What is your teaching philosophy? – Grace Whiskin
What is your teaching philosophy? How has this originated, and can you evaluate how your educational touchstones will impact upon the teacher you aspire to be?
I believe that an educational environment needs to be a place where all individuals feel safe, and a place where there is mutual respect. This is key to my teaching philosophy. I believe that successful learning takes place when students basic and more advanced emotional needs are being met (Maslow, 2018). Therefore, every day I make sure that students know they are respected, safe, and loved. I believe that a positive attitude is key to making the students feel this way.
Reflecting on my earliest educational touchstone memory, I remember my first teacher in Reception. This teacher was warm and caring. She made us feel as though we could achieve anything. Although it is naïve to believe that one teacher that early on in my life could affect my whole teaching philosophy now, I do like to think that the memory of her is something I want to continue into my teaching.
School always felt like a safe space for me, where I could engage in learning, reading, and all of the things I loved. I have always felt very lucky that my parents, who are arguably my first educational touchstone, have always supported me to achieve my best. I was always naturally inquisitive and wanted to understand the world around me. Fostering that natural curiosity that young people have is another major aspect of my teaching philosophy. I believe that all too often, particularly in the older grades, as we prepare students for exams, this natural curiosity can be pushed to one side. I have been working at an exams-based school for the past nine months, this has been a personal goal of mine to still work within the school’s ideology, but to also encourage my students to ask WHY. However, I do see the value of encouraging students to strive for success. I saw this first-hand when I moved from a UK Grammar school (where I was for five months) to an International School in Singapore. I see the importance, especially as an educator now, of students encouraging others to achieve. This is analysed in a study done about Singapore and their PISA rankings (Deng and Gopinathan, 2016). In the UK, I felt as though the popular children were the ones who were naughty, and perhaps the class clown. This was a vast contrast to my experience in Singapore where I found that the popular students were the ones who worked hard and excelled. I believe that had I not had this experience, I would not be where I am today. I loved education, but Singapore made me grateful for it.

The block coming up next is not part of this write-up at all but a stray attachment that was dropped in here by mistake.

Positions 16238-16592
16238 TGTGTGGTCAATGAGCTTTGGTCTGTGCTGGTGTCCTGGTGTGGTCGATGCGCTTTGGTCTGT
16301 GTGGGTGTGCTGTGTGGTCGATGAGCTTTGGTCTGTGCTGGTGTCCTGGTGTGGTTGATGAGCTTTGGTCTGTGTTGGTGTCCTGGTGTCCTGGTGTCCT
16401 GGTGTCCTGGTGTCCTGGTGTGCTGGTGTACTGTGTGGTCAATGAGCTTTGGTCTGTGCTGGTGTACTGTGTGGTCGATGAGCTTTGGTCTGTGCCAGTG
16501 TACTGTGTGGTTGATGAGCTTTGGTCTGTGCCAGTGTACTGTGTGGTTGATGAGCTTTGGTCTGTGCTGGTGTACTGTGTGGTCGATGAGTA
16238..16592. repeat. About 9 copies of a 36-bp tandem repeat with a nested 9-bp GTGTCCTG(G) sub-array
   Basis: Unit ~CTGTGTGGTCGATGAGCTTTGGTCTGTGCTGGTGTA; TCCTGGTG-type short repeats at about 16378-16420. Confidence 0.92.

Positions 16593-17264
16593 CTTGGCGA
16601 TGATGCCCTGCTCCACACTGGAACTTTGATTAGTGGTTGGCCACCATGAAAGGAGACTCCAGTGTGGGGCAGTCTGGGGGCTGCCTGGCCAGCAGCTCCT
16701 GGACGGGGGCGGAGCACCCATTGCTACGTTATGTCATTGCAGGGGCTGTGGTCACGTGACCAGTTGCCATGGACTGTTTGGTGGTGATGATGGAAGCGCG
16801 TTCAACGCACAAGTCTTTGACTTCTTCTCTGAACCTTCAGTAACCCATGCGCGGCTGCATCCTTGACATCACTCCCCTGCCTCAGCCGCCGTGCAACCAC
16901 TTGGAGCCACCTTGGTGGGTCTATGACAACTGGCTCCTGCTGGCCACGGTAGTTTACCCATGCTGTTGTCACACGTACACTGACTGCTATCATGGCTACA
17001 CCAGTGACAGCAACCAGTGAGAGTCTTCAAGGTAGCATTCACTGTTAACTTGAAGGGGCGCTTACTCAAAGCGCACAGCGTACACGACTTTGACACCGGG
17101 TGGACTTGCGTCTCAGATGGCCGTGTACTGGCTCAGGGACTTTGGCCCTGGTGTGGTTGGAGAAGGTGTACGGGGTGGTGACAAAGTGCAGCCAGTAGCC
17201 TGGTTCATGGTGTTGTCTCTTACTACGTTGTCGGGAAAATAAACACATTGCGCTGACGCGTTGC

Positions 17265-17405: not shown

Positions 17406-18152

I believe that my teaching philosophy comes through mostly with my rapport with my students. I believe in instilling the belief in students that they can achieve anything they set their mind to. From having a wide range of abilities in my class, I see the importance daily of celebrating the wins, however small. When children feel celebrated, I believe that it encourages them to work harder.
Becker, E., Goetz, T., Morger, V. and Ranellucci, J., 2014. The importance of teachers' emotions and instructional behavior for their students' emotions – An experience sampling analysis. Teaching and Teacher Education, 43, pp.15-26.
Deng, Z. and Gopinathan, S., 2016. PISA and high-performing education systems: explaining Singapore’s education success. Comparative Education, 52(4), pp.449-472.